ithell colquhoun magician born of nature
All texts copyright Richard Shillitoe

the pine family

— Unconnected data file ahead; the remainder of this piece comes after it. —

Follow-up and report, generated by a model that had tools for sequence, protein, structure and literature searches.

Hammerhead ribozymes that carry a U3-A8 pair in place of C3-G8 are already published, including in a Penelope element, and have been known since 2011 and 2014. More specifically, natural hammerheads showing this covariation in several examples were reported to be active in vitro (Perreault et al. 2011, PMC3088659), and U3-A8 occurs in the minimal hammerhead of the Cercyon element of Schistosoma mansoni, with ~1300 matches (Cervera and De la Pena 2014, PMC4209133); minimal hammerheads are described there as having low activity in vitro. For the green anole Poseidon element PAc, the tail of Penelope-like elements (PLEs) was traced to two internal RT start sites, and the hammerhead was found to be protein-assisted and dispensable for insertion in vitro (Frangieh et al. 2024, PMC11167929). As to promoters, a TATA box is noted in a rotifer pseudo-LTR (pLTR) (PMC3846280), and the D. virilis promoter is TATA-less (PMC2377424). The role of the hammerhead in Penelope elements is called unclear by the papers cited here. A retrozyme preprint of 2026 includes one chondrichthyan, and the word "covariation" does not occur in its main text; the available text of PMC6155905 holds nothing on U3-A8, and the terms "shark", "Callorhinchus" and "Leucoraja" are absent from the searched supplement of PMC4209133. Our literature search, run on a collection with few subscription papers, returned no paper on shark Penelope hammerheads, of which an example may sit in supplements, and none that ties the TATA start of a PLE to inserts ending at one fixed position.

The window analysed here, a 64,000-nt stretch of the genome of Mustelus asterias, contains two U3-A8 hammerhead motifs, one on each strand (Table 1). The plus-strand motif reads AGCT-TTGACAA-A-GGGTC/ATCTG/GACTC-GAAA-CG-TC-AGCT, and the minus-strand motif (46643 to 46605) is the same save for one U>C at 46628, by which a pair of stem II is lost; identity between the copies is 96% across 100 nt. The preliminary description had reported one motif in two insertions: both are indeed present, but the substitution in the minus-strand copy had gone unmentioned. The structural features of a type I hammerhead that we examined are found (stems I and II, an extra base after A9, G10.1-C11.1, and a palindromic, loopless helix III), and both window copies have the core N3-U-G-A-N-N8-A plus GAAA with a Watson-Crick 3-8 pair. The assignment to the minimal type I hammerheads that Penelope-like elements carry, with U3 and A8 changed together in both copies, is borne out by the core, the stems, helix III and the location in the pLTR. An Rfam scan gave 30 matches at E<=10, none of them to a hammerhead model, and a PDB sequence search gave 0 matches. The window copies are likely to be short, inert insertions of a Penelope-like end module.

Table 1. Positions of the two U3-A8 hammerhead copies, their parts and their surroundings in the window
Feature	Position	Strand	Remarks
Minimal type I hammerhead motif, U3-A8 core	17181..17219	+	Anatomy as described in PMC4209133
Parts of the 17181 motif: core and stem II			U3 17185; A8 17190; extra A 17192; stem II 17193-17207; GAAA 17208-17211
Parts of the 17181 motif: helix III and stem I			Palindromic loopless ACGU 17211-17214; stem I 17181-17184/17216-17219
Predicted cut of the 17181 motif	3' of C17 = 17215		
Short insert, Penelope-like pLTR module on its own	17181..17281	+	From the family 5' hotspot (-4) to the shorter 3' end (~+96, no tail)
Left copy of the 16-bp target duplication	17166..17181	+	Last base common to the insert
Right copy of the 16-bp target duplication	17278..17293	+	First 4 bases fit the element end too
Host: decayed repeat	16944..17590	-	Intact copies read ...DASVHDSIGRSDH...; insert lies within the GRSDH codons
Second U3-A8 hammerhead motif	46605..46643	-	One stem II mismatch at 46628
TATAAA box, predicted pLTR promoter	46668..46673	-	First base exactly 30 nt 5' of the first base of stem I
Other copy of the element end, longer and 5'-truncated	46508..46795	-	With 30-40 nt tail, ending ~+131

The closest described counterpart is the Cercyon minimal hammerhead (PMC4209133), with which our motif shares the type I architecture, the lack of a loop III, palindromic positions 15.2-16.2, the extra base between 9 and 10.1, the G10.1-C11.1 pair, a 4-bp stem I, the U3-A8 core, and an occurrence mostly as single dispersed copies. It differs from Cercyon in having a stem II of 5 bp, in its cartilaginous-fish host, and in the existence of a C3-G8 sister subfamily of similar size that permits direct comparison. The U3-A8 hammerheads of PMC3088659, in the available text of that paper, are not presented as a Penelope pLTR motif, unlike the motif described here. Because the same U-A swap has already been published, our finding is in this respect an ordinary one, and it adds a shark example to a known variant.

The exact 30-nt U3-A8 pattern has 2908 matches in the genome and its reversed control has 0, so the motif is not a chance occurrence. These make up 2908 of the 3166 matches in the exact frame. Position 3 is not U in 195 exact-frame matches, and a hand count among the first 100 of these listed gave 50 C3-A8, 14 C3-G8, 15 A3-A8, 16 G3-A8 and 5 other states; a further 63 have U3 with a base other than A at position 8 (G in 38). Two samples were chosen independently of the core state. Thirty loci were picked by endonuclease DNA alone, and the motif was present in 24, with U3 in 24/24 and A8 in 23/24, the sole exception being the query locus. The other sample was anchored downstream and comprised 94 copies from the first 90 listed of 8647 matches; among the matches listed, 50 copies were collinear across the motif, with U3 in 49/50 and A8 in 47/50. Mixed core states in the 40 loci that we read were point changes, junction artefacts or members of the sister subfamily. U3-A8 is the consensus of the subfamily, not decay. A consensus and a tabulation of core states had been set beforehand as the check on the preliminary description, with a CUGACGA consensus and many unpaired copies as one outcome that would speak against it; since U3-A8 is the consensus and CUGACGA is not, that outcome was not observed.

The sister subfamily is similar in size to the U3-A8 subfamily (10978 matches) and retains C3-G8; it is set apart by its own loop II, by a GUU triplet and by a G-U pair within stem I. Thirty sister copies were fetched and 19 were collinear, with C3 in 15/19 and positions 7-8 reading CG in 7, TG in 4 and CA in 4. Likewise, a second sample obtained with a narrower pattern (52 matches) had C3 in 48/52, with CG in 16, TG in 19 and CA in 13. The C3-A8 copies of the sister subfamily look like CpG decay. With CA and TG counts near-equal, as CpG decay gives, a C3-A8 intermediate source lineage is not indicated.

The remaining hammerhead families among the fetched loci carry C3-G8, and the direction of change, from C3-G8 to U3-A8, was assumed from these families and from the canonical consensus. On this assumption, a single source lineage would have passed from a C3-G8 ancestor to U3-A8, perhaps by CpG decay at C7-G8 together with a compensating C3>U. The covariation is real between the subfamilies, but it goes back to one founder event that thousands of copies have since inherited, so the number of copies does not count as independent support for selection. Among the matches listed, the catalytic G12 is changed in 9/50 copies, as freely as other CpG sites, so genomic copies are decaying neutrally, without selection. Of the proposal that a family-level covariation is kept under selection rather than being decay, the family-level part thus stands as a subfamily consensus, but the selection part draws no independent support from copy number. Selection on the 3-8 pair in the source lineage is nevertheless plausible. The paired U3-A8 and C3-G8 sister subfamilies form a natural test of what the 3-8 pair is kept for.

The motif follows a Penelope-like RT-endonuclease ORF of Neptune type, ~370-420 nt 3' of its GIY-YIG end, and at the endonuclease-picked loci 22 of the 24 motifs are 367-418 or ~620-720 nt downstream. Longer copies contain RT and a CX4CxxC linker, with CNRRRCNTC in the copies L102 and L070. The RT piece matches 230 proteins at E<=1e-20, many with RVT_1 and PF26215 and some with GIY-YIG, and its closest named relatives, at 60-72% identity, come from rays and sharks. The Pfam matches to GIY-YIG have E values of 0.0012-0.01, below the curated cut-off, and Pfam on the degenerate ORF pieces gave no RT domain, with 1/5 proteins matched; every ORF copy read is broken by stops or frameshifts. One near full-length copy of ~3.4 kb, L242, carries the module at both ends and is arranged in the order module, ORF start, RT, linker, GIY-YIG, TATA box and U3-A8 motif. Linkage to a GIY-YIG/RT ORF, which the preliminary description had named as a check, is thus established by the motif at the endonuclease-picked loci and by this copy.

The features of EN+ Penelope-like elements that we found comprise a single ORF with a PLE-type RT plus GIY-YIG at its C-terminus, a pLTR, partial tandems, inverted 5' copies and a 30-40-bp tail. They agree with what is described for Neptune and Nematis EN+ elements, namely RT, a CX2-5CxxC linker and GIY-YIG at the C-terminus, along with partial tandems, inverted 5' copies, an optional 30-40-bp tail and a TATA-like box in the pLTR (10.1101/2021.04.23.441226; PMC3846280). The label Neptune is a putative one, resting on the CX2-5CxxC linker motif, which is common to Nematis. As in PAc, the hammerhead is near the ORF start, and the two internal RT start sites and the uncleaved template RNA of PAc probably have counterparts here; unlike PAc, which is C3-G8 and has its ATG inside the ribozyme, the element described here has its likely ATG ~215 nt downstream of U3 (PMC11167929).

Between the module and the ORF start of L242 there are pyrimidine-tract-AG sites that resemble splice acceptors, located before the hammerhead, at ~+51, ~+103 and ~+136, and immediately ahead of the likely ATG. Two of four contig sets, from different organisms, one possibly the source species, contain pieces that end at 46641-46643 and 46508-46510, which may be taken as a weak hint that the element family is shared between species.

Oil on canvas. 18 x 20in. (45.7 x 50.8cm.) Signed and inscribed on the stretcher. Provenance Sotheby’s, 11 Nov. 1981, lot 320. Pruskin Gallery, London. With Whitford and Hughes, London, in 1985. Israel Museum, Jerusalem, gift of Arturo Schwarz. Exhibited London, International Art Centre, 1942, no. 4. Exeter, City Art Gallery, 1972, no. 3. Penzance, Newlyn Gallery, 1976, no. 9. London, Parkin Gallery, 1977, no. 22, as 1941. Milan, Rome and Stockholm, 1980-81. Paris, Galerie 1900-2000, 1982, no. 44, as 1941, ill. b/w. Colchester, The Minories, 1985, no. 22, ill. b/w. London, Blond Fine Art, 1985, no. 39, as 1941. New York, Stony Brook University, 1986. Jerusalem, Israel Museum, 2000-2001, no. 21, as 1941, ill. col. Three truncated bodies lie in parallel; a featureless landscape is visible in the background. Each body is reduced to the torso and the lower limbs, roughly to the knees. Each body has been mutilated, although the figures are recognisably male, female and hermaphrodite. The male and the hermaphrodite have each lost their penis and the female has lost her right leg. Each has the stylised pubic hair seen earlier in Scylla (1938) and Gouffres Amers (1939). Each of these butchered slabs of meat carries a label bearing a cryptic message. The female torso is labelled ‘celle qui boîte’- the one who limps. It has been argued by Chadwick and others that this refers to ‘celle qui advance’ - the one who advances – the epithet applied by André Breton to Gradiva, the hero of Jensen’s novel of that name that was so admired by the surrealists and that had earlier been the subject of an analysis by Sigmund Freud. The name Gradiva translates as ‘splendid in walking’. It was her sprightly walk (and, in particular, the positioning of the right foot in the original relief) that captivated Hanold, the hero of the novel. The surrealists were enchanted by the redemptive power of love and adopted Gradiva as their archetypal muse: a muse who would lead artists and poets in their attempts to glimpse what lies ahead, beyond the real. By amputating her right leg, Colquhoun has converted the muse from one who is splendid in walking to one who limps. As far as one can tell, her genitalia remain intact. The male torso has had his penis neatly severed. He bears the label ‘Atthis’. This is a variant spelling of Attis, who appears in mythology as the consort of Cybele. There are a number of variations of his story. In one variant, Cybele began life as Agdithus, a hermaphrodite god/dess. The gods emasculated Agdithus, who then became known as the female, Cybele. A pomegranate tree grew from Agdithus’ blood; a river nymph ate from the tree, became pregnant and gave birth to Attis, with whom Cybele subsequently fell in love. Attis, however, was betrothed to a king’s daughter. In a jealous rage Cybele caused Attis and the King to go mad and emasculate (or, perhaps, castrate) themselves. Attis later recovered his senses and was about to kill himself when Cybele saved him by changing him into a pine tree. The hermaphrodite torso carries a label ‘the circumcised hermaphrodite’. If this is circumcision, the surgeon needs to go on a training course. S/he, like the male figure, has had the entire penis sliced through and removed. Colquhoun noted that Isadore Ducasse, the self-styled Comte de Lautréamont, the author of Les Chants de Maldoror, had described George Sand, the cross-dressing literary figure of the late 19th century as the circumcised hermaphrodite. ‘Pine’ is French slang for penis. In alchemical writings the herm-aphrodite symbolises the union of opposites. The word itself is a conjunction of Hermes and Aphrodite and represents a union of the masculine and feminine aspects of matter resulting in the creation of a spiritual whole beyond the divisions of gender. The hermaphrodite is the Magical Child, the Two-in-One and is the culmination of the Great Work. In Colquhoun’s painting, however, the magical child has been mutilated. S/he too has no penis, although to external appearances the female genitalia remain whole. The painting was completed at a time when Colquhoun was deeply engaged in the exploration of gender, androgyny, spiritual union and alchemical metamorphosis in her art and writings, especially in the ‘Diagrams of Love’ watercolours and poems. However, unlike these other works of the period, which offer the promise of wholeness and redemption, The Pine Family offers only threat and mutilation. This is not a benign or optimistic image. The complete absence of male organs indicate that neither bodily nor spiritual union has occurred. Does one sense a crisis in the artist’s life? The Méditerranée series, with its suggestions of emotional turmoil had only recently been completed. Stylistically, Colquhoun was making the transition from magic realism to a more extensive use of automatism. The work may well be, in part, a parody on the male surrealist obsession with sexuality, but every-thing hints at personal transition, uncertainty and chaos. This was the work that Colquhoun was asked to remove from the Leicester Galleries in 1942 because of its alleged pornographic content. A pencil and watercolour study shows the painting in its final configuration. Extra paper has been glued to the original sheet, allowing it to be rotated anti-clockwise through forty five degrees from an earlier orientation. Two further pencil and watercolour sketches of logs of wood can almost certainly be related to this work, indicating that Colquhoun’s original inspiration was the forest rather than the abattoir. Unlike the slightly later Tree Anatomy (1942), however, the sylvan associations are not positive ones.